When you have credit card debt, you know how painful it is. It’s the most expensive type of debt you can have, and your credit card companies are getting rich and fat while they are hollowing you out with high interest rates.
Wouldn’t it be great to turn the tables? Well, there are a lot of people now. More and more Americans are simply withdrawing their credit card balances, and that is making credit card companies like Capital One, Citibank, and Chase very, very nervous. That’s because their entire business model is based on stabbing you.
“Americans are paying off their credit card debt at levels not seen in years. This is good news for everyone except credit card issuers, ”reports The Wall Street Journal. “Many card issuers rely on increasing card usage and credit for their earnings, wondering if the pandemic trends will become a long-term shift.”
Wouldn’t it be nice to get some revenge and break your credit card company for a change in a sweat? Now you can and it’s easier than you think.
Credit cards burden you with harsh interest rates that routinely rise north of 20% APR. However, if you owe your credit card company $ 50,000 or less, it will bring you to a website AmOne You will receive a low-interest loan that you can use to pay off all of your balances.
The advantage? You have to pay an invoice every month. And because personal loans have significantly lower interest rates (AmOne rates start at 3.49% APR), you will no longer have any debt The much faster.
Plus: There are no credit card payments for you this month!
You get terribly nervous
These days, credit card companies are sweating bullets as Americans’ credit card balances are plummeting. They are down a whopping $ 49 billion in the first quarter of 2021 compared to the previous quarter. This comes from data released by the New York Fed last week.
Overall, credit card balances have fallen by almost 15% compared to last year, according to the Equifax credit bureau.
Big credit card companies like Capital One, Discover, and Synchrony (the largest business credit card issuer) had balances down 17%, 9% and 7% year over year, these companies reported.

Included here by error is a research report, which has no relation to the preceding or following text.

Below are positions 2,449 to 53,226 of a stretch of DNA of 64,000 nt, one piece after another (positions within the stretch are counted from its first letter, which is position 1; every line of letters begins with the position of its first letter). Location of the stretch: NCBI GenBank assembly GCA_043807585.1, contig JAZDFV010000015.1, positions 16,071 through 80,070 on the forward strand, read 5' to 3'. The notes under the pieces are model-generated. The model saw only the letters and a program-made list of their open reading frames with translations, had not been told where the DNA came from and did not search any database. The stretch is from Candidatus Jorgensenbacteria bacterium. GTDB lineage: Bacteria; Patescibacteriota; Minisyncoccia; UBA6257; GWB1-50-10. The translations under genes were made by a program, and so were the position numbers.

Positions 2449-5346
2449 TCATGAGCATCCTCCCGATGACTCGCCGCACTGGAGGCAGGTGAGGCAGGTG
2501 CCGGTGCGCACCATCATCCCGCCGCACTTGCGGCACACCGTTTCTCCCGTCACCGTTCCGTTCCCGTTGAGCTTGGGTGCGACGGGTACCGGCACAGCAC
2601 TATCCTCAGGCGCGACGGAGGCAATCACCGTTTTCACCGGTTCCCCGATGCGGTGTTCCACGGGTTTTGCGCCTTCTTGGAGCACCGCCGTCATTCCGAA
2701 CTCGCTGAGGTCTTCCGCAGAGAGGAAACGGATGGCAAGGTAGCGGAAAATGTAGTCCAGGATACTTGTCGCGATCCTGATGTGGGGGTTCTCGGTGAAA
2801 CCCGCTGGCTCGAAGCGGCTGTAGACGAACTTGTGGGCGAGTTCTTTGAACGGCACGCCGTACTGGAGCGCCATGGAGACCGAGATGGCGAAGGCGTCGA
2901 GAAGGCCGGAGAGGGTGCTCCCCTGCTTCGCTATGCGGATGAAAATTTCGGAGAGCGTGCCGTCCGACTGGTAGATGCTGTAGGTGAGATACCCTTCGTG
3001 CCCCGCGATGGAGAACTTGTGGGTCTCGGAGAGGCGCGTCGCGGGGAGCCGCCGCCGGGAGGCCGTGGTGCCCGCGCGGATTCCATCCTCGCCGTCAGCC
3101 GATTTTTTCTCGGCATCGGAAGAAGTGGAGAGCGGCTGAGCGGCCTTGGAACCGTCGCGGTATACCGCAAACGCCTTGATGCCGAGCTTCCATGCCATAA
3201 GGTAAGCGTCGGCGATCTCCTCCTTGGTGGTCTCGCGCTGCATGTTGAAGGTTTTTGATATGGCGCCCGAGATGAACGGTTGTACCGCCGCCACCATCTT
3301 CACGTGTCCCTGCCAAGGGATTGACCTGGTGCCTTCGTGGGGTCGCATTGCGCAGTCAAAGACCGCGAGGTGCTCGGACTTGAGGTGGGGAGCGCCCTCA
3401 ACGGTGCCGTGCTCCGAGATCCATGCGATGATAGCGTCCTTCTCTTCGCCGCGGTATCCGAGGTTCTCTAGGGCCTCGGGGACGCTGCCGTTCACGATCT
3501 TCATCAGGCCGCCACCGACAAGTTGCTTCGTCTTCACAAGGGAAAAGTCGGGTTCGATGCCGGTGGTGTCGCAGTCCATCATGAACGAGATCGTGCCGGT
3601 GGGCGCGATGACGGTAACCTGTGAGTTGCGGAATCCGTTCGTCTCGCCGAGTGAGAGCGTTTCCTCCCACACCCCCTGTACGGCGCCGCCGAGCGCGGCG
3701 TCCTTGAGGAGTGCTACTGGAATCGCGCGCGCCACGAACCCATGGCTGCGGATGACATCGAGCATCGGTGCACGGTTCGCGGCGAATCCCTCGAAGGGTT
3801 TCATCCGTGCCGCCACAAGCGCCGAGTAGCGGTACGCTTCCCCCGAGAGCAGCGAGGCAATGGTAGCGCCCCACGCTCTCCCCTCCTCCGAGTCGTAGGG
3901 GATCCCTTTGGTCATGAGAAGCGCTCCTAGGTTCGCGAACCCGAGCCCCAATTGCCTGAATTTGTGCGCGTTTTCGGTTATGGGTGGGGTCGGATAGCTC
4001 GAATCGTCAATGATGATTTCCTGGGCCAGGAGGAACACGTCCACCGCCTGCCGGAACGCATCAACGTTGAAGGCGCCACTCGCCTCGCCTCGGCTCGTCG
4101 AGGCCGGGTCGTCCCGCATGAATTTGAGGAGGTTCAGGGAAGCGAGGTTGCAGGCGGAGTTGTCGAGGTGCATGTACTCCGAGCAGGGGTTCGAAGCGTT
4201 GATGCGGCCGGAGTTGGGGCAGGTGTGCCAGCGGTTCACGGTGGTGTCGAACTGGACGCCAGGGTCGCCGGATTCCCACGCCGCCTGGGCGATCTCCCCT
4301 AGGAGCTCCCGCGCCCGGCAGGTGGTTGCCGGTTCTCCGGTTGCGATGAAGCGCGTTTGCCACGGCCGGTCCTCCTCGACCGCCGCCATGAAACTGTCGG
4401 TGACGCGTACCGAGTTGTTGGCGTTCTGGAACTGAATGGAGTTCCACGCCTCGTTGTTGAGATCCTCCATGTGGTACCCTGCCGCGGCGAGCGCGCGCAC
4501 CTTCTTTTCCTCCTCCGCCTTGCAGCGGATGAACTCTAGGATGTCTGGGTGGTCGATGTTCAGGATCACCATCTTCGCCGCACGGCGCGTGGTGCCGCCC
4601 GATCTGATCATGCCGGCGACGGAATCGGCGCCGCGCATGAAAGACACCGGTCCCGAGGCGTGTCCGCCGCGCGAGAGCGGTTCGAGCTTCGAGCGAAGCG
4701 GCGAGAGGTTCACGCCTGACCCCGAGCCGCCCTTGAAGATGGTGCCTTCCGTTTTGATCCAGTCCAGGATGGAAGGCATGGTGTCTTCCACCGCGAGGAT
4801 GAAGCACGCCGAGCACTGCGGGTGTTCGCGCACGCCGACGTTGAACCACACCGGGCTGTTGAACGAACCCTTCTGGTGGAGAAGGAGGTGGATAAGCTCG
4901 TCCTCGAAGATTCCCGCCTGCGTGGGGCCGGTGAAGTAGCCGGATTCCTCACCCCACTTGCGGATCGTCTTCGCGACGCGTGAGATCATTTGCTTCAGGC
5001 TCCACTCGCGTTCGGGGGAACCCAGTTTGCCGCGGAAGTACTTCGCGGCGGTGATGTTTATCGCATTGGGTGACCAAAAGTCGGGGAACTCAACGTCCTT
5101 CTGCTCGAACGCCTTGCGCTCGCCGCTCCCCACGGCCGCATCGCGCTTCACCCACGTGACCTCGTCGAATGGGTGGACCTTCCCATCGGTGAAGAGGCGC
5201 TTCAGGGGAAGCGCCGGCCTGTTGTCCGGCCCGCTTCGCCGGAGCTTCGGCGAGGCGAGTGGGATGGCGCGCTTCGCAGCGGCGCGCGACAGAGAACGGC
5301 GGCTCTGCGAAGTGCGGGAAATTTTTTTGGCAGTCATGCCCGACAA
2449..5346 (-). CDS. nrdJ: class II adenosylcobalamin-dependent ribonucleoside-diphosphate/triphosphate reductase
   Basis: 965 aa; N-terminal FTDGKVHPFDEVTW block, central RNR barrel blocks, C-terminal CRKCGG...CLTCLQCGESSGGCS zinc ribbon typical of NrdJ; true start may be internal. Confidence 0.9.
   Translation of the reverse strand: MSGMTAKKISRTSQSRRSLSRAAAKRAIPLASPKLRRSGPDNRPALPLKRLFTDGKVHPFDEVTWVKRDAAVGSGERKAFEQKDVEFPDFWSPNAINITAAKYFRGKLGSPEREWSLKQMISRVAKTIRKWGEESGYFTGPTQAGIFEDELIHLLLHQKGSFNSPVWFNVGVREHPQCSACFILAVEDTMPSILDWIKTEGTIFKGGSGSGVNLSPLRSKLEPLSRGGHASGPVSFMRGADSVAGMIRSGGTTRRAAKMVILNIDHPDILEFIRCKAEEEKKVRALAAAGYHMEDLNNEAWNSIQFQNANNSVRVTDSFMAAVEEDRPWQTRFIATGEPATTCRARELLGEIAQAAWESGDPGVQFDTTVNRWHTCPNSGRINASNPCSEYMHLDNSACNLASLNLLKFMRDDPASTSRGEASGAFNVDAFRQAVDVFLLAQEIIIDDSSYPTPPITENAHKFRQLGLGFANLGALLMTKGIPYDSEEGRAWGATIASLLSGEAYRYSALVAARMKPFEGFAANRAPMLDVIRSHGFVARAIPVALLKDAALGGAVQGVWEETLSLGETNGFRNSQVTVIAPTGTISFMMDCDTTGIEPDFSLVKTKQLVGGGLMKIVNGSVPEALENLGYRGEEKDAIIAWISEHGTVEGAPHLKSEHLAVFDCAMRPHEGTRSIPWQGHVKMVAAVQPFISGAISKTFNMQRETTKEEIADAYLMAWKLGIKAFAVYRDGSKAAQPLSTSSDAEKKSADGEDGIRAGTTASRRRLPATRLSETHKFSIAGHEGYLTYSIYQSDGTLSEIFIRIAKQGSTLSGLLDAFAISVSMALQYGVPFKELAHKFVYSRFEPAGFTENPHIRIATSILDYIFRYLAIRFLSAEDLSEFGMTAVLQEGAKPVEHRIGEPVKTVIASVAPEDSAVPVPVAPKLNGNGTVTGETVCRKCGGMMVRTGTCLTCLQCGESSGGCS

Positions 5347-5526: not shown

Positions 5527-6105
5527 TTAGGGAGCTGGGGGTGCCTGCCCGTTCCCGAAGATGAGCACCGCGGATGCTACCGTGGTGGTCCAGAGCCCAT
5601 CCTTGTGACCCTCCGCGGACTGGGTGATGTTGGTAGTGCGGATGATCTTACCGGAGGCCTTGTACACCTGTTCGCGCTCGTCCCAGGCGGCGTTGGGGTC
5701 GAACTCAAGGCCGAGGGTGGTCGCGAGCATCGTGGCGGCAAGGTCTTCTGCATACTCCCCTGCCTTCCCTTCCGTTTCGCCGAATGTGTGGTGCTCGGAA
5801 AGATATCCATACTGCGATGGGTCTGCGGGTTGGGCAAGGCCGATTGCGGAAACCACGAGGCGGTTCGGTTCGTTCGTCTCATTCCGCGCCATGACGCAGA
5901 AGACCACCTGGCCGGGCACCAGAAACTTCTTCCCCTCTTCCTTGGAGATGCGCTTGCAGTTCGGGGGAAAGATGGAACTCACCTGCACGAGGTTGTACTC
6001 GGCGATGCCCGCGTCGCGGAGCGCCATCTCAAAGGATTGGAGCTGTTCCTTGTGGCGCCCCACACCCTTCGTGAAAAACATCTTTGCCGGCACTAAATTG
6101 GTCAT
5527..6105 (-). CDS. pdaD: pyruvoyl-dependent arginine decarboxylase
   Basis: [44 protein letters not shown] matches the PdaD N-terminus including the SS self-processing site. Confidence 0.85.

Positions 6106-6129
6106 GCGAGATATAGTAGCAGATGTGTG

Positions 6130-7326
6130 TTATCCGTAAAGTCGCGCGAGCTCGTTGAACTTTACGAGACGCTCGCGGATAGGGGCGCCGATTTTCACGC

Why is this happening?
When the COVID-19 pandemic broke out, banks expected an increase in arrears, forcing borrowers to rely on their credit cards to make ends meet. The Wall Street Journal reported. But then the government stepped in with stimulus measures and increased unemployment benefits. It enabled borrowers to suspend mortgage and student loan payments. So there was never an increase in arrears.
“It seems that many households are working to reduce their revolving debt balances and this is happening across the board,” the Fed wrote.
How to beat your credit card company
If you are interested in a personal loan to clear your credit card balance, getting a good credit score helps.
A free website called Credit sesame makes it easy to get your credit score on track to meet your goals. Within two minutes, you’ll have access to your credit history, all debtor accounts, and a handful of personalized tips to improve your credit score. You can even spot bugs that are holding you back (every fifth report has one).
Now, with AmOneYou don’t need a perfect credit score to get a loan. Comparing your options doesn’t affect your creditworthiness at all. Also, AmOne keeps your information confidential and secure, which is why after 20 years in business it is likely still to have an A + rating with the Better Business Bureau.
It takes less than a minute and only 11 questions See which loans you qualify for – You don’t even have to enter your social security number. You need to give AmOne a real phone number to qualify, but don’t worry – they won’t spam you with phone calls.
Stop shoveling money into high yield credit card payments. Cackle with the rest of us as credit card companies express deep concerns about profit views and sweat over their plummeting profits.
Revenge is sweet.
Mike Brassfield ([email protected]) is a senior writer at The Penny Hoarder. He paid all of his credit cards and wow, did it feel good?
This article originally appeared on www.thepennyhoarder.com